#3276 – 1999 33c Hospice Care s/a

Condition
Price
Qty
- Mint Stamp(s)
Ships in 1 business day. i$1.30FREE with 240 points!
$1.30
- Used Stamp(s)
Ships in 1 business day. i$0.20
$0.20
7 More - Click Here
Mounts - Click Here
Condition
Price
Qty
- MM62250 Vertical Mounts, Black, Split-back, Pre-cut, 32 x 47 millimeters (1-1/4 x 1-7/8 inches)
Ships in 1 business day. i
$4.75
$4.75
 
U.S. #3276
33¢ Hospice Care
 
Issue Date: February 9, 1999
City: Largo, FL
Printed By: Banknote Corp. of America
Printing Method: Lithographed
Perforations:
Serpentine die cut 11.4
Color: Multicolored
 
Today, nearly 3,000 hospice organizations in the United States and Puerto Rico serve approximately 400,000 people. By combining the efforts of skilled workers and trained volunteers, hospice has become a family-centered, home-based concept of health care for those dying of an incurable illness.
 
Hospice was first introduced in this country by Dr. Cicely Saunders, who established St. Christopher’s Hospice in London. In 1974, a nurse in Connecticut made America’s first hospice visit to the home of a terminally ill patient.
 
The hospice concept aims at easing the patient’s physical and psychological pain. Then the person can make the most of his or her remaining time. Working as a team to achieve this goal are family members, doctors, nurses, social workers, clergy members, and volunteers. 
 
In 1980, a hospice was established in Glasgow as a community outreach project. On the occasion of the marriage of Prince Charles and Lady Diana Spencer in 1981, the city of Glasgow named the foundation the Prince and Princess of Wales Hospice. A tireless charity worker, Princess Diana used her sudden celebrity to fight for the causes she believed in, including care of terminally ill patients.
 
Read More - Click Here

  • 450 Black Mounts, Split-back, containing one pack each of MM501 through MM509 450 Archival-Quality Mystic Mounts

    Mystic mounts are the best way to keep your stamps safe and looking great for years to come.  Stamps are held securely in place against a black background – making the colors "pop" and adding definition to perforations.  With this mount package you'll get 50 split-back mounts of each size collectors most commonly use.

    $29.50
    BUY NOW
  • 2017 Commemorative Year Set 2017 U.S. Commemorative Year Set

    Get every US commemorative stamp issued in 2017.  Each stamp showcases important history, people, and events from American culture.  With this set you'll receive stamps from popular series like Lunar New Year and Love.  Plus you'll receive the Nebraska and Mississippi Statehood stamps, Dorothy Height, John F. Kennedy, and more.  It's the convenient and affordable way to keep your collection up to date.

    $31.95- $55.95
    BUY NOW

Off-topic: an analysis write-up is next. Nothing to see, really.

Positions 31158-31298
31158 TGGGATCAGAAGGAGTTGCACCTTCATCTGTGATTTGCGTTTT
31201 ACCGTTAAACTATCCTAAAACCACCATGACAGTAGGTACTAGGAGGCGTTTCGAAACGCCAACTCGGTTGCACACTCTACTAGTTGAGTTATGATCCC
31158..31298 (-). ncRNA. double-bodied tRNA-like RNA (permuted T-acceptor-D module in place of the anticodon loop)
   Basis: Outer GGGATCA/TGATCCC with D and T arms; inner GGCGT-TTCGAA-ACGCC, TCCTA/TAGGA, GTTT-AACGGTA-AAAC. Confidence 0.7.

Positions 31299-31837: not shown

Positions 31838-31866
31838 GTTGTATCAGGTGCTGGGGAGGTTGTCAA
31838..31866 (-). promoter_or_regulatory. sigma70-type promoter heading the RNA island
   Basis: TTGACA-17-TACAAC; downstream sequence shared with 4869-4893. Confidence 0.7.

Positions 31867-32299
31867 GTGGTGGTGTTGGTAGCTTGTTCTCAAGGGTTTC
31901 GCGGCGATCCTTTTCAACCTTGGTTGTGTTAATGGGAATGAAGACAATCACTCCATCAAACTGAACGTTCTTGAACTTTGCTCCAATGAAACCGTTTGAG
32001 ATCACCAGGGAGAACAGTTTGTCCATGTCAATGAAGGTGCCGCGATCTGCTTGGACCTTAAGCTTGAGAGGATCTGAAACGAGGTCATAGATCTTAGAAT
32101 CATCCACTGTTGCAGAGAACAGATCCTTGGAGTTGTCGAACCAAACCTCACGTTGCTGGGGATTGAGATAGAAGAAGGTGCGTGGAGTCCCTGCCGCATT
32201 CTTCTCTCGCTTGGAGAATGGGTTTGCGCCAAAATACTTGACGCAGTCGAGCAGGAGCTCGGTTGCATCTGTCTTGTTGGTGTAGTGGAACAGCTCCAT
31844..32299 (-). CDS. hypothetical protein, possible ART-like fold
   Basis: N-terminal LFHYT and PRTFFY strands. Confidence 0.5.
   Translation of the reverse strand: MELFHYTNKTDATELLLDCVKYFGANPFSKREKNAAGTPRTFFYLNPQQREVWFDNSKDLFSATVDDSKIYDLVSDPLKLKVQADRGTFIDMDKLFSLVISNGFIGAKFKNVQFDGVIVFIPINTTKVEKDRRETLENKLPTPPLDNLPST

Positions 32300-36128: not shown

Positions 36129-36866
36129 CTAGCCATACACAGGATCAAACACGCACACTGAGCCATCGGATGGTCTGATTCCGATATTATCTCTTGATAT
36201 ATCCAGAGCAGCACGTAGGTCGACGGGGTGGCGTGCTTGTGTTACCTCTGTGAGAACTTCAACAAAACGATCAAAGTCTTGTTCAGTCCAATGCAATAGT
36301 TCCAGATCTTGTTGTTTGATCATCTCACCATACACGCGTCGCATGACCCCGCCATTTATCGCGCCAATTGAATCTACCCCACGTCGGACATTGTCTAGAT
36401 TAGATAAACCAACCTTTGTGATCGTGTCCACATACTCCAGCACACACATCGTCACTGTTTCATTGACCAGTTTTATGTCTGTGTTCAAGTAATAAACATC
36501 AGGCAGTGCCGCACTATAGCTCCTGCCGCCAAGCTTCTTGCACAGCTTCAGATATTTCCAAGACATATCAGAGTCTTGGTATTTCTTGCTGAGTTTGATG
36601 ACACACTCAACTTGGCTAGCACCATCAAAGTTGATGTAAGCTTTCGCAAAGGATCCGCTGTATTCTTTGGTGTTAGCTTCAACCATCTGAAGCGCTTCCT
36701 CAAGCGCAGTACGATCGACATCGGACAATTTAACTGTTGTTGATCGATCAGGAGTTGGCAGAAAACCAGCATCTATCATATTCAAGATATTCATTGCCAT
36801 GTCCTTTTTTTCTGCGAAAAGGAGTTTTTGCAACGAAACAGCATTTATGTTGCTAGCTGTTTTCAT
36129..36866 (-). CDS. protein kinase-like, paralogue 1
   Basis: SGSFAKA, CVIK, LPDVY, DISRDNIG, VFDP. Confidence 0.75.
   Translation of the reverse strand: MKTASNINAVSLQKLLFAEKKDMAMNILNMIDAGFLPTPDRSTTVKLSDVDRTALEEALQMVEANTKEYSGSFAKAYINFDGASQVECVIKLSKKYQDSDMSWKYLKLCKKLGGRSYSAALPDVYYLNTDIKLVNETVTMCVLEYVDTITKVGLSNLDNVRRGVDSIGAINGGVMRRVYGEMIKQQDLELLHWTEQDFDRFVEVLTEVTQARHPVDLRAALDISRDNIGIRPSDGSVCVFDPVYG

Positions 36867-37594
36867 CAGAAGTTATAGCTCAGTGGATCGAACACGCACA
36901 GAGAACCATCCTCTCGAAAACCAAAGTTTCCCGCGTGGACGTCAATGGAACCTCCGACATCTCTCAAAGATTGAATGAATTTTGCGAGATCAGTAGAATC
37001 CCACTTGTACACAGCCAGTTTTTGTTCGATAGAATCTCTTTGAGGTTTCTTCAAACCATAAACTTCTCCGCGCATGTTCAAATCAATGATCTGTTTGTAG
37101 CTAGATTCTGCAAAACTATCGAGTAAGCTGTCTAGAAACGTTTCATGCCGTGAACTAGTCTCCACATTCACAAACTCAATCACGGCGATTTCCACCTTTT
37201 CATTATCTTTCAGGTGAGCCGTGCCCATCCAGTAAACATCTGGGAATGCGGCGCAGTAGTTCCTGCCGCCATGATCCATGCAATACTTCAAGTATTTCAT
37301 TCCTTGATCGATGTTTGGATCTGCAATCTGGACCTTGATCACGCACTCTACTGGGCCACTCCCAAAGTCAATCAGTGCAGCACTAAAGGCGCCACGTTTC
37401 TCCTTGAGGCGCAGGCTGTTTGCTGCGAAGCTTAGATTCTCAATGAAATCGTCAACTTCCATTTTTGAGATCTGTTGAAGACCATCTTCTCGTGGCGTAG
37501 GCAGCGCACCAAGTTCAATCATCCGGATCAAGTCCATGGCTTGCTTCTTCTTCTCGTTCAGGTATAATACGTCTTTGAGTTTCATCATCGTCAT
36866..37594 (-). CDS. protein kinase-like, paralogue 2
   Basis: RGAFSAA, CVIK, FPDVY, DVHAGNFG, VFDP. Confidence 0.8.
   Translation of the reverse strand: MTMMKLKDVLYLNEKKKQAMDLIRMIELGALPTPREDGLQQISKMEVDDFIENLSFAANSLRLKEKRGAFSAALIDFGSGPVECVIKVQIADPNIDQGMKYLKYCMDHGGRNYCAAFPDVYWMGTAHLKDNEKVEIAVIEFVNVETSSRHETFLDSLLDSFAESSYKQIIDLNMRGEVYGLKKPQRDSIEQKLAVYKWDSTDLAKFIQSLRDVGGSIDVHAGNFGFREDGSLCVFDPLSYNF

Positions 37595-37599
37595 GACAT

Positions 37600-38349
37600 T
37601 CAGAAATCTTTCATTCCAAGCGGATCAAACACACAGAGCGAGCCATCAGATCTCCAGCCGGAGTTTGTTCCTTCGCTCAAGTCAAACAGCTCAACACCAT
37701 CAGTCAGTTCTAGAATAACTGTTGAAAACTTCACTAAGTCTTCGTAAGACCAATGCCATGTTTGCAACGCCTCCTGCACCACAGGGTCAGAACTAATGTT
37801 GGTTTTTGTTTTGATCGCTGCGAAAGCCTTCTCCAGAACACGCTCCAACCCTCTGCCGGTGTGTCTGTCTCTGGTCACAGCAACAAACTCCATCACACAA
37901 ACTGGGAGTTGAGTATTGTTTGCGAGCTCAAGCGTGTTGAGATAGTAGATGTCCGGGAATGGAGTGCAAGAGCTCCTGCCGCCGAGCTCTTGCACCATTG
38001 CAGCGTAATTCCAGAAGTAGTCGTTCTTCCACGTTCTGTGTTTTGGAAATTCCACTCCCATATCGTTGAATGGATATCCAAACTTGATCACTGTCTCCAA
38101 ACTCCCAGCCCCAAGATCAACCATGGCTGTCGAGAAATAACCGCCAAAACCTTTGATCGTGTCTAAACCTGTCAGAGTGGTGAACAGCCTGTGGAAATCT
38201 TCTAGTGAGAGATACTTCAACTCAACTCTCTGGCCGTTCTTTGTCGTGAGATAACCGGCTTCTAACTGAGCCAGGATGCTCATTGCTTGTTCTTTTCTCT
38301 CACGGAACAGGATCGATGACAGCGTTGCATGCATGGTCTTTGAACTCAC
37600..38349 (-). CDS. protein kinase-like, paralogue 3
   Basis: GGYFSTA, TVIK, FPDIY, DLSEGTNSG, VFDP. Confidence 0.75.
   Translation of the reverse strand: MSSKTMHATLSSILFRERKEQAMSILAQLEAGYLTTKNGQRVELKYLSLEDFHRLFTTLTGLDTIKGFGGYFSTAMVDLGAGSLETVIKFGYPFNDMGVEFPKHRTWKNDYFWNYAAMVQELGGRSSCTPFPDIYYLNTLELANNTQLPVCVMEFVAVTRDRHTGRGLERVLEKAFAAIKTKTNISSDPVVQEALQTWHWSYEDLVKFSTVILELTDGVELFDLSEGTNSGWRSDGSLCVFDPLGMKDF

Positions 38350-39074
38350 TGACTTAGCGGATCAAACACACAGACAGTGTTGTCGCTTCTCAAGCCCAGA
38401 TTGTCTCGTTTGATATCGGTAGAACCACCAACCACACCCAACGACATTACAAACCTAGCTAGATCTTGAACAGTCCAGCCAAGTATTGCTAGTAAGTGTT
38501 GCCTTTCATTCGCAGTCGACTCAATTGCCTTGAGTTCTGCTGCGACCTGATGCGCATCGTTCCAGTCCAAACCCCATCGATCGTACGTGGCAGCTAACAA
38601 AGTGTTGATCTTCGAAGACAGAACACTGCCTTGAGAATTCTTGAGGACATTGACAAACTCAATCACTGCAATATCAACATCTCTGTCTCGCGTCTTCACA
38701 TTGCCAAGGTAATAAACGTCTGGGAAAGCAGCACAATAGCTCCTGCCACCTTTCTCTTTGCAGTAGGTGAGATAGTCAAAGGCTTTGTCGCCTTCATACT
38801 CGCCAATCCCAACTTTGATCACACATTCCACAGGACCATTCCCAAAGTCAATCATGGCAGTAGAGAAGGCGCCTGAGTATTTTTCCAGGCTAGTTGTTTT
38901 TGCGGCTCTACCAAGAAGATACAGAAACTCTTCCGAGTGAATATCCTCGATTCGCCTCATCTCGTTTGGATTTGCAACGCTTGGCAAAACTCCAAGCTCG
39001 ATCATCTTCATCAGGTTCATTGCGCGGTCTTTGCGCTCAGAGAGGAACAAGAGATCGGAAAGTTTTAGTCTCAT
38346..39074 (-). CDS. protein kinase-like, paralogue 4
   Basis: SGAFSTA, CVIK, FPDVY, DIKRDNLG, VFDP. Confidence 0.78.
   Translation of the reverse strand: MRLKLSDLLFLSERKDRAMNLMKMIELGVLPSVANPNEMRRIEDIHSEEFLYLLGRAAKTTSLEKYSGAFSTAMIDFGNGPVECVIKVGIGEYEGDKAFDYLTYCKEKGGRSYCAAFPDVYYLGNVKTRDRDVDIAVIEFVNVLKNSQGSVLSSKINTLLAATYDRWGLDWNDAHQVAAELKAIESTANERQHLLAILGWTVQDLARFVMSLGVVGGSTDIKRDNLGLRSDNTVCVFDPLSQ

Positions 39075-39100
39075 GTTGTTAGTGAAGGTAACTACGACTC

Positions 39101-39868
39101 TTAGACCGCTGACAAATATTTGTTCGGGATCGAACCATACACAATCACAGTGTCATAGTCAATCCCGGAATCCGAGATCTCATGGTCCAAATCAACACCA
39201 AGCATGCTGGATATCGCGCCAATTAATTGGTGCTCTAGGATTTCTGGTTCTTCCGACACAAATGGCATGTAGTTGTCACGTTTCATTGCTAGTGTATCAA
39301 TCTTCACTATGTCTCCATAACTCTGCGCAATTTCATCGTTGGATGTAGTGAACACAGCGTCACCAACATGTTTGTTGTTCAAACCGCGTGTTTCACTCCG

• 1847 5¢ Benjamin Franklin, red-brown, thin bluish wove paper, imperforate U.S. #1 - First U.S. Postage Stamp

    On July 1, 1847, the first US postage stamps went on sale.  The 5¢ issue of 1847 (US #1) features a portrait of Benjamin Franklin, the man responsible for organizing America's postal service back in the 1700s.  Postal clerks used scissors to cut the stamps from sheets, as perforations weren't in use yet.  Today, US #1 is a valued piece of American postal history and a lucky find in any condition.

    $450.00- $7,395.00
    BUY NOW

 

U.S. #3276
33¢ Hospice Care
 
Issue Date: February 9, 1999
City: Largo, FL
Printed By: Banknote Corp. of America
Printing Method: Lithographed
Perforations:
Serpentine die cut 11.4
Color: Multicolored
 
Today, nearly 3,000 hospice organizations in the United States and Puerto Rico serve approximately 400,000 people. By combining the efforts of skilled workers and trained volunteers, hospice has become a family-centered, home-based concept of health care for those dying of an incurable illness.
 
Hospice was first introduced in this country by Dr. Cicely Saunders, who established St. Christopher’s Hospice in London. In 1974, a nurse in Connecticut made America’s first hospice visit to the home of a terminally ill patient.
 
The hospice concept aims at easing the patient’s physical and psychological pain. Then the person can make the most of his or her remaining time. Working as a team to achieve this goal are family members, doctors, nurses, social workers, clergy members, and volunteers. 
 
In 1980, a hospice was established in Glasgow as a community outreach project. On the occasion of the marriage of Prince Charles and Lady Diana Spencer in 1981, the city of Glasgow named the foundation the Prince and Princess of Wales Hospice. A tireless charity worker, Princess Diana used her sudden celebrity to fight for the causes she believed in, including care of terminally ill patients.